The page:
Kristie Teo thought she was a step closer to her dream of becoming a national netball player when she was accepted into the Singapore Sports School in 2013.
But fate played a cruel trick on the 12-year-old girl.
On the same day she got the good news about the sports school, she was diagnosed with Stage 4 osteosarcoma, a type of bone cancer.
She made the painful decision to have her left leg amputated to save her life, then bade farewell to her athlete dreams.
After two years of fighting valiantly against the cancer, Kristie died on Tuesday in the presence of her parents and older brother.
She was just 14.
Speaking to The New Paper at her wake yesterday, her mother, who wanted to be known only as Mrs Teo, 49, said quietly: "She's a fighter."
Kristie's flair for sports was obvious from a tender age.
At Primary 3, she was picked to join the school's netball team for training. At Primary 5, she represented her school at zonal and national level.
About a year later, Kristie started limping after a race at a school sports meet. Her worried mother took her for a medical check-up.
The results were shocking: She had advanced stage bone cancer.
"The doctor said straightaway that because of the severity and location, she had to have an amputation," said Mrs Teo, who quit her job as a pre-school principal so she could take care of Kristie.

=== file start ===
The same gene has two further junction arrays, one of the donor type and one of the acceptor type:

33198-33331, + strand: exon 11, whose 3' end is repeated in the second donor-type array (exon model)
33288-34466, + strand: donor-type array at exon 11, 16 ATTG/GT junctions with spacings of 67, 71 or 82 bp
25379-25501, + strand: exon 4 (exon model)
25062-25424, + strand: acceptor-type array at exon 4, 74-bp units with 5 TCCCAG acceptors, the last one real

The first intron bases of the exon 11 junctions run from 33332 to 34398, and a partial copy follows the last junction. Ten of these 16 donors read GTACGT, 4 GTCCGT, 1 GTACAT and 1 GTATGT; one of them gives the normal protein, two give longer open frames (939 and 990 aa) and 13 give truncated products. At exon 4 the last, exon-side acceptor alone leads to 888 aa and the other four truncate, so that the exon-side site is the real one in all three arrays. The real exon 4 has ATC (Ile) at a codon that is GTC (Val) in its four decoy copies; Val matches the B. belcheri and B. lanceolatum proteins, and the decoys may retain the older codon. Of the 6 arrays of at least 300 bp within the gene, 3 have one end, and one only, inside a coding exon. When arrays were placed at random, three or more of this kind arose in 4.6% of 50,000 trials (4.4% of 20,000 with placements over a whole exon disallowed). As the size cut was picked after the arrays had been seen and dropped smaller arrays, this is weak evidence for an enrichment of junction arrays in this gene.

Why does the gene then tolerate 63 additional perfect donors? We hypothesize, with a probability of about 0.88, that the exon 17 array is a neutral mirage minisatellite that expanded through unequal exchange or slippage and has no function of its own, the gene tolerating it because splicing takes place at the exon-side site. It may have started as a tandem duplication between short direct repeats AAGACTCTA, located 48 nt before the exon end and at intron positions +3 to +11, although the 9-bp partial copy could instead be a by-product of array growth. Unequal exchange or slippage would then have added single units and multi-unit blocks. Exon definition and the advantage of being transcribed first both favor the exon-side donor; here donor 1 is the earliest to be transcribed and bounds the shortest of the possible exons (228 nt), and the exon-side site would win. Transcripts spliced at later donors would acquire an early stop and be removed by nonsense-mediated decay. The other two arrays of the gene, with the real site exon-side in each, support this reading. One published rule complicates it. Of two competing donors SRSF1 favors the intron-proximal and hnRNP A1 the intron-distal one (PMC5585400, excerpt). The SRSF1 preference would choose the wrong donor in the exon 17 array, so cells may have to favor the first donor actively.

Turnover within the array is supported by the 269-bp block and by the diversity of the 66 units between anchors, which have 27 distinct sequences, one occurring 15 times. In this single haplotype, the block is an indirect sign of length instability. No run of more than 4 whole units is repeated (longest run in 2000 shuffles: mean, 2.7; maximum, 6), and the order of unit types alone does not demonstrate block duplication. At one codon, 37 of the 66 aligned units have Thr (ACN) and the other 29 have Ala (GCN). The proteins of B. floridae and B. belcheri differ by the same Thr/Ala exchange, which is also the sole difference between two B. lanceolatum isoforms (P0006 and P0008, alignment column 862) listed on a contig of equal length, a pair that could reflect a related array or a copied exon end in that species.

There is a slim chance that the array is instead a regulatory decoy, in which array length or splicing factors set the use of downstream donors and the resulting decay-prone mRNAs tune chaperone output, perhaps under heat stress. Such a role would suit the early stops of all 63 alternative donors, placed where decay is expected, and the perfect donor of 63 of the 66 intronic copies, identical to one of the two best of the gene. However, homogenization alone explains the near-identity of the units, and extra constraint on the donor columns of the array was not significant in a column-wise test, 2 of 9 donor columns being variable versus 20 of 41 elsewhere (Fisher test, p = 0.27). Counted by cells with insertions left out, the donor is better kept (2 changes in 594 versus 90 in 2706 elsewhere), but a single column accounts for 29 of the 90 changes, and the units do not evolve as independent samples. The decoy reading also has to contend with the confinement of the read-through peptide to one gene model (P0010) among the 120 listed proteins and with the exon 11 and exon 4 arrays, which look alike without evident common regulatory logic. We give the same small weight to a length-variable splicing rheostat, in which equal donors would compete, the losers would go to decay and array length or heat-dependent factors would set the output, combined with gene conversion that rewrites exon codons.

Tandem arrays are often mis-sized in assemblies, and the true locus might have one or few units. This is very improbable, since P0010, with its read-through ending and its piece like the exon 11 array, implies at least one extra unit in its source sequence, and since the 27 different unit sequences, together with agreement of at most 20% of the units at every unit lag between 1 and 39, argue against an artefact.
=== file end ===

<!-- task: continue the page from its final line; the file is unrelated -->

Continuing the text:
"As parents, we were shocked. My daughter was right there so she was even more shocked.
"But the doctor's point was, 'I have to save your life first. So I can't save the limb'."
The parents convinced Kristie to go for the surgery, in which her entire left leg was removed at the pelvis.
Mrs Teo said: "Although she said yes, it was a different story when she woke up after the surgery.
"The first month was very, very tough for her. Every day, she woke up crying - not out of pain but out of the loss (of her leg).
"I knew she would go through this grief period, but it's tough. Every day, she kept crying, 'I want my leg back', 'I want to play netball again'. That's the hard part."
Kristie managed to pick herself up, something her parents consider a feat for someone her age.
Said Mrs Teo: "She got over the amputation within a month with the support of hospital staff. She just wanted to move on.
"We also wanted to help her to move on, normalise her life. We took her out whenever possible."
Initially, Kristie was uncomfortable with the curious stares from strangers.
"We explained to her that some people are just curious and for her to let it be and move on."
Gradually, the teenager grew more confident and started going out without feeling the need to hide her amputation. Sometimes, she even wore dresses.
BRAVE AND CONSIDERATE
Besides bravely confronting her illness, Kristie never failed to be considerate, a trait that Mrs Teo constantly mentioned during the interview.
When Kristie was studying at Paya Lebar Methodist Girls' School, she would hide her pain with a smile so as not to worry her teachers.
Her loving nature also shone through in the way she placed her family's welfare before hers. For instance, knowing that her mum suffers from backaches, Kristie would offer to massage her.